When I first heard that Jared Kushner would be working at the White House, I was a bit surprised. I have never met him, but from all accounts, he seem
When I first heard that Jared Kushner would be working at the White House, I was a bit surprised. I have never met him, but from all accounts, he seems brilliant and, perhaps more vitally, quite wise.
Why would a sagacious young man leap into the muck and mire of Washington politics, I pondered. Few pass through the White House doors without being smeared with mud flung from the swamp. Kushner had a young family and what seemed to be a thriving development business. Why put all of that at risk?
Perhaps he wanted to stand by his father-in-law? Admirable. Perhaps he wanted to help save our nation? Very admirable. But still.
His first two years at the White House saw Kushner tasked with missions impossible. Who in American history was assigned to bring peace to the Middle East, renew our alliance with Arab allies, sort out the trade mess in Mexico and China, fix our injustice system, negotiate an end to the longest government shutdown in history and a host of other Sisyphean tasks? Surely someone was trying to set him up for failure?
Somehow Kushner has not only succeeded where Washington’s most seasoned veterans would have flopped, but did so with style and grace. His wife, Ivanka, and he have been the most productive and dynamic duo serving what may turn out to be history’s most important presidency. And they did so in the face of obscene media and Democratic party assaults.
Yet as much as we must marvel what Kushner has achieved since dedicating his life to making America great again, and serving the president making that possible, nothing should make Americans in general and conservatives in particular happier than Kushner’s apparent effort to prevent the further ascension of Chris Christie.
In days of yore, many conservatives cherished former New Jersey governor Christie. He was a tough guy, who let the liberals have it in one of the most reliably Democratic states in the nation – and he got away with it. He pushed for limited government and tax cuts. Many of us talked about him as a future contender. But then came the hug.
In the midst of the 2012 election, with Republicans desperately trying to end the tyrannical reign of Barrack Obama, Christie started to show us what he cared about: himself.
Then came the speech. At the Republican National Convention later that year, tasked with advancing the Romney-Ryan ticket, he used his keynote address to wax poetic – about himself.
Then came the bridge. When Team Christie decided to punish his New Jersey political opponents with snarling traffic, the result was convictions and calumny. Christie’s star was falling fast, especially among conservatives. His solution: staking out policy positions against the very conservatives who once supported him.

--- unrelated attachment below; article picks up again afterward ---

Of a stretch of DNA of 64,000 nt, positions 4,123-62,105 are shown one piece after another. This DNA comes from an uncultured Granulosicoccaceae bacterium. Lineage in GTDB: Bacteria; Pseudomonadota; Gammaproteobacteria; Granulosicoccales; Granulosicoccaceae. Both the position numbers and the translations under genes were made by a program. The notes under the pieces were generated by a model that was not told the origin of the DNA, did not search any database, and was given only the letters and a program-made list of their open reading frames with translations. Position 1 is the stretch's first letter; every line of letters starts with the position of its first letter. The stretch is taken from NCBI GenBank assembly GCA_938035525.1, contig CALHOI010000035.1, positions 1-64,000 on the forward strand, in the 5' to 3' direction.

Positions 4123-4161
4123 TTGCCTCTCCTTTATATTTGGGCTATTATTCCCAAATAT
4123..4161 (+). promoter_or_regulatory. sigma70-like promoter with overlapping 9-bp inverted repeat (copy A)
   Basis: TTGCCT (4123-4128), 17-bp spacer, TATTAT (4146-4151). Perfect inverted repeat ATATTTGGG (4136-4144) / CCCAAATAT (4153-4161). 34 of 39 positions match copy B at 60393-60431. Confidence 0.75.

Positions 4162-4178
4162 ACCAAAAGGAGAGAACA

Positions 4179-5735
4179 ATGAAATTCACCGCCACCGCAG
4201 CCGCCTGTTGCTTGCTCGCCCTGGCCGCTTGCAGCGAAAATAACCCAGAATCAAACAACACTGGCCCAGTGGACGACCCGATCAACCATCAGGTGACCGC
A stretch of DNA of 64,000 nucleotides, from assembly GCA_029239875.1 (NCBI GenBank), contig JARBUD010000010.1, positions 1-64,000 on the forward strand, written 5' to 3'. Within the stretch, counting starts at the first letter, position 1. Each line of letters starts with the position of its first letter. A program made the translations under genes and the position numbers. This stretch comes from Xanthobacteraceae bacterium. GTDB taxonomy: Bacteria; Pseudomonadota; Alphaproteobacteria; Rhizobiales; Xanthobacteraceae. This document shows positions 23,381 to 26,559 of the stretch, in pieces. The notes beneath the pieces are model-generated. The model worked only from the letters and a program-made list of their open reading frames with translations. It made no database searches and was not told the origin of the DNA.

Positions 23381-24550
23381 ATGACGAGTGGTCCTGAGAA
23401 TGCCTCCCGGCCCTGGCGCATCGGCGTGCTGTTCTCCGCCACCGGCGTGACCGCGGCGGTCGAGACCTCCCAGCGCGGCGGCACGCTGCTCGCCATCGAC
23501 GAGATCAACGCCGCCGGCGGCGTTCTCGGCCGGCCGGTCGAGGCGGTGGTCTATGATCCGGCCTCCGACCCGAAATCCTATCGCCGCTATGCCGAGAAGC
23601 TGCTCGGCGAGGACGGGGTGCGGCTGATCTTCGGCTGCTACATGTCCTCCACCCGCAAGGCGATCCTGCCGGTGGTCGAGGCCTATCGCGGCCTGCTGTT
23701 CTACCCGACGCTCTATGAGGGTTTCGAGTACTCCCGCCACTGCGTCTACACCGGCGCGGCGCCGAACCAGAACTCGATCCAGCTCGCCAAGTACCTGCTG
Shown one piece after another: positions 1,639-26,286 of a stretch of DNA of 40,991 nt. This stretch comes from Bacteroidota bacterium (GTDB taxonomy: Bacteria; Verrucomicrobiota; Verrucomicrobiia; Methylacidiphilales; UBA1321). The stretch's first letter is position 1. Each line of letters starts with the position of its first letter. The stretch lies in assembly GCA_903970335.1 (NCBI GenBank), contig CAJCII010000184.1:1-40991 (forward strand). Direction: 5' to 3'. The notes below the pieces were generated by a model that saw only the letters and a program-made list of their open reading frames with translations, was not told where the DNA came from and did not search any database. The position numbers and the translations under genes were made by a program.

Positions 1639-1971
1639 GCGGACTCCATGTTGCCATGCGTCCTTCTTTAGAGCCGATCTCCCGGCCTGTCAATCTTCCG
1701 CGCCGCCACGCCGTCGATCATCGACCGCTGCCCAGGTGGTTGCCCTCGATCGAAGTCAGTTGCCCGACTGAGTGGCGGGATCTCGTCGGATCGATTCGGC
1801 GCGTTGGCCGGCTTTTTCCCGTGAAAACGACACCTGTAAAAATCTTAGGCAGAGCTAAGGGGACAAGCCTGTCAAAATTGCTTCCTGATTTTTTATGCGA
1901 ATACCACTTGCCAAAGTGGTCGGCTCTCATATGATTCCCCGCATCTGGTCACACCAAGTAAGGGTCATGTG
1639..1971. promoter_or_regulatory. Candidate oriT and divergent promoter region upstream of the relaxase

The Christie jalopy sputtered into the 2016 presidential race, but he departed quickly, perhaps realizing at last that the chorus of cheers sustaining him years before had finally turned to jeers for his every move.
Chris Christie jumped on the Trump bandwagon, and his sycophants planted stories about his being considered for Vice President and Attorney General. Many on the right shuddered to think of either possibility. Quelle horrible!
Little did we know that saving us from yet another Christie clown show was the very man then being unfairly derided by the media as unfit to serve in the administration because he lacked experience: Jared Kushner.
In his literary valentine to himself, the soon-to-be-released autobiography “Let Me Finish,” Christie howls in anguish at the perfidious “kid” who took him down. Perhaps he thinks we, too, would be outraged that the curtain on his next act was lowered by Jared Kushner? Wrong. I’m sure I’m not the only one giving Jared yet another standing ovation, this time for sparing us more Christie bloviation.
Can one imagine the leaks, the virtue signaling and the disloyalty that would have accompanied a Christie presence in the Trump Administration? If Jared helped stop that, we owe him. Big.
But, there’s another reason I salute Jared Kushner for stopping the return of Christie – and this is one is personal.
Chris Christie sent Jared’s father, Charles Kushner to federal prison and in the process, like too many overzealous prosecutors plaguing our nation, tried to destroy what was left of his reputation. Kushner, a non-violent first-time offender – and someone widely known for his immense charitable generosity – was treated to Christie’s opprobrium and vitriol, compounding the pain far beyond that meted out by the judge. This malevolent lashing has become a regular feature of attacks on white collar offenders – I know, because I was subjected to the same horrifying spectacle.
But unlike virtually all of us who have suffered the extreme humiliation at the hands of our system, Charles Kushner was avenged in small measure – thanks to a faithful and loyal son.
Sure, notwithstanding, Christie blaming Jared in his autohagiography for a political hit job on him, it’s possible that Kushner did not crater Chris Christie’s political revivification at all. And, if he did, it may have been for a myriad of other reasons.
But, I sure hope Jared harpooned Christie because of what he did to his father.
And I sure hope our President – a man who understands family and loyalty better than most – was smiling and nodding.